Saturday, 23 November 2013

Cities 2: The State of Pakistani cities

The State of Pakistani cities 
 
While this is the emerging global consensus on city development being at the heart of the growth process, Pakistan policy and research remains largely oblivious to it given the highly donor dependent policy process which eschews domestic thought and debate. The result is that Pakistani cities are the opposite of what conventional policy advice would be. Their key characteristics are:
  1. Sprawl is actively encouraged by policy. All Pakistani cities appear to have no downtowns or city centers—dense areas of mixed use concentrating residential, office, commercial and entertainment within an almost walkable district. Many cities are becoming urban sprawls at the expense of valuable agricultural land for which, at various times, expensive irrigation has been put in place.
  2. Sprawl development favors roads and housing estates for the rich over other activities. There is an excess demand for most forms of city activities—education, entertainment, office, retail, warehousing and even low income and middle class housing. All these activities lack purpose-oriented space and are forced to be conducted in the only kind of city space that planners have been allowing for the last few years—single family homes.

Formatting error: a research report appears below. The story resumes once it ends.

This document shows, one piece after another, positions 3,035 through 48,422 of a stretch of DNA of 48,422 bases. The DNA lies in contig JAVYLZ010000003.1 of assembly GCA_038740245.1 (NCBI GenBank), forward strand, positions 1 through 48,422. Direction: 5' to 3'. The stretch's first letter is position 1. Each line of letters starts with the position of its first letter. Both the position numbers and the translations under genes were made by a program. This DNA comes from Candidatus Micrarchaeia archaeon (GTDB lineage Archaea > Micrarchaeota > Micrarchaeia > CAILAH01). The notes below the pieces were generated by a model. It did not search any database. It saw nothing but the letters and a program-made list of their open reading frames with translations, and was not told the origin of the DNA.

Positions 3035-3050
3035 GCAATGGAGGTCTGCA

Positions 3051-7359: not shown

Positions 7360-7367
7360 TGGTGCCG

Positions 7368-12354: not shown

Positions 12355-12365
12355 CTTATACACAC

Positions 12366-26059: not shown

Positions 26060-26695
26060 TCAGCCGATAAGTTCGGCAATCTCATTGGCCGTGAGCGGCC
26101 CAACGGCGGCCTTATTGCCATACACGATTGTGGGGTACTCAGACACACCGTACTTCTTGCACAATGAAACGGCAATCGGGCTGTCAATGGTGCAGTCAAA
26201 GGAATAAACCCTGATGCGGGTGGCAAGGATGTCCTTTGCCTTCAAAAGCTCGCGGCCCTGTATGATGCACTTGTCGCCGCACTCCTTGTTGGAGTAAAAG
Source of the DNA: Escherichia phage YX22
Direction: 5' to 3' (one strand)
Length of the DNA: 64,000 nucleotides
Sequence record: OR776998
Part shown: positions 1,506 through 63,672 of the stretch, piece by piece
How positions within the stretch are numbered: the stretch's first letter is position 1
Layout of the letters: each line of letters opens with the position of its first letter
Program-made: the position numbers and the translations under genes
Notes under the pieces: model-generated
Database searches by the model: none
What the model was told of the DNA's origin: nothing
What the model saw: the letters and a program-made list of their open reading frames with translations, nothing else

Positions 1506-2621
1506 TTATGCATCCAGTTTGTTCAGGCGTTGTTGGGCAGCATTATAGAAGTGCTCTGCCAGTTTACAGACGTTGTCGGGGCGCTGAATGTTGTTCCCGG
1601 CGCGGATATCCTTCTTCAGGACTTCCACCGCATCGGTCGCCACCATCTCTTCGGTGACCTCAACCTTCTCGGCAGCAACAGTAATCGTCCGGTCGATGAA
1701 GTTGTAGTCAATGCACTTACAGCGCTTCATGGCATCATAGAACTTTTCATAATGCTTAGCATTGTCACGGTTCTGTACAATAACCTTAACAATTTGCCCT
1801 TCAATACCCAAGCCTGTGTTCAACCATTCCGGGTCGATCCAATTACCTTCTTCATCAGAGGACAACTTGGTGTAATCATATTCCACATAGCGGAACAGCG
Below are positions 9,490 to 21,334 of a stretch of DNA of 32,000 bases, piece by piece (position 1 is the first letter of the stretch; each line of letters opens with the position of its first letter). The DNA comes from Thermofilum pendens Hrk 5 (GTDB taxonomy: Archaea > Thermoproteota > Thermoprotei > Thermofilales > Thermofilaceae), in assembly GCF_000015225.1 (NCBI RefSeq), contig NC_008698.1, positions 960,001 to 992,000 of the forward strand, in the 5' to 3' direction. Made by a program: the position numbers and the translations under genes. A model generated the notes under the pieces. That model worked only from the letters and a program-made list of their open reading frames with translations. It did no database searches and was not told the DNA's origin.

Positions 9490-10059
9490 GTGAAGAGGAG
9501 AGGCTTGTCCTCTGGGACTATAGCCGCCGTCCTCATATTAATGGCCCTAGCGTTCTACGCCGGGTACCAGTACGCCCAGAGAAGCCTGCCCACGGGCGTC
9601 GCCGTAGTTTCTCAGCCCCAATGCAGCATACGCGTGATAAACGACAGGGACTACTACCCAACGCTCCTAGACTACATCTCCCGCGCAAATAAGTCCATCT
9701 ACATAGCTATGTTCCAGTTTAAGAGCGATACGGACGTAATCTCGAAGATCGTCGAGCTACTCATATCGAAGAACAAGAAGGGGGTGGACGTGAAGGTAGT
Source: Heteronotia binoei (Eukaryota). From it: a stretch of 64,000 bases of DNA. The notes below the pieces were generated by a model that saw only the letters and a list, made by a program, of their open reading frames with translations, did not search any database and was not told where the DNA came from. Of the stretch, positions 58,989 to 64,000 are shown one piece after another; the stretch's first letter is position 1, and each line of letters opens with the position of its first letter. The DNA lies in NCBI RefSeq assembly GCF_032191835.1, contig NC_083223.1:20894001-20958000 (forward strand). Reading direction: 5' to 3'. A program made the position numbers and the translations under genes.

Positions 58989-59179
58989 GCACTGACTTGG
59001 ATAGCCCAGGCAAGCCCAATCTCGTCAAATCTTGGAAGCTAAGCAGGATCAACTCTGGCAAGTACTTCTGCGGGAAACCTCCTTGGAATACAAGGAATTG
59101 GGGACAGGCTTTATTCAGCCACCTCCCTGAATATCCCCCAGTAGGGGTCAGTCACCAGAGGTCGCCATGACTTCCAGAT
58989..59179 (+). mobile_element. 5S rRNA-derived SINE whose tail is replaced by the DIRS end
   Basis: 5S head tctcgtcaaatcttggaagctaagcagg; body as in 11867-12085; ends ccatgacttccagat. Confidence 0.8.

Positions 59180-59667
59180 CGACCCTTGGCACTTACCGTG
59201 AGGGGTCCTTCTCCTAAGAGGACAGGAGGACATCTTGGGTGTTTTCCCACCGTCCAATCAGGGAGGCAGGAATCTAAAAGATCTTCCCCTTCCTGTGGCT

3. High rise even for flats is severely discouraged and penalized. The result is that housing for low income groups, the young starting a family, and the middle class is in extreme short supply. In addition there is no cohesive, mindful construction activity in any of the cities even though this sector could sharply expand employment and growth.
  4. City zoning has been very unfriendly to commercial construction, public spaces, and commercial and community activity. Zoning, heavily manipulated by influential groups with vested interests, favors single family housing leaving little space for other activities. Commercialization—anything other than single family homes-- is arbitrary, cumbersome, ill-planned and expensive. As a result, zoning and real estate development appears to be a rent-seeking game.
  5. Government rather than commerce dominates city functioning. There is a large presence of government, especially the army, in all cities. Most prime land is government-owned, making the availability of prime land for commercial and mixed use development very difficult. For example, the Mall Road, Lahore, the main thoroughfare, is completely owned by the government almost all the way from the Provincial Assembly chambers to the Airport.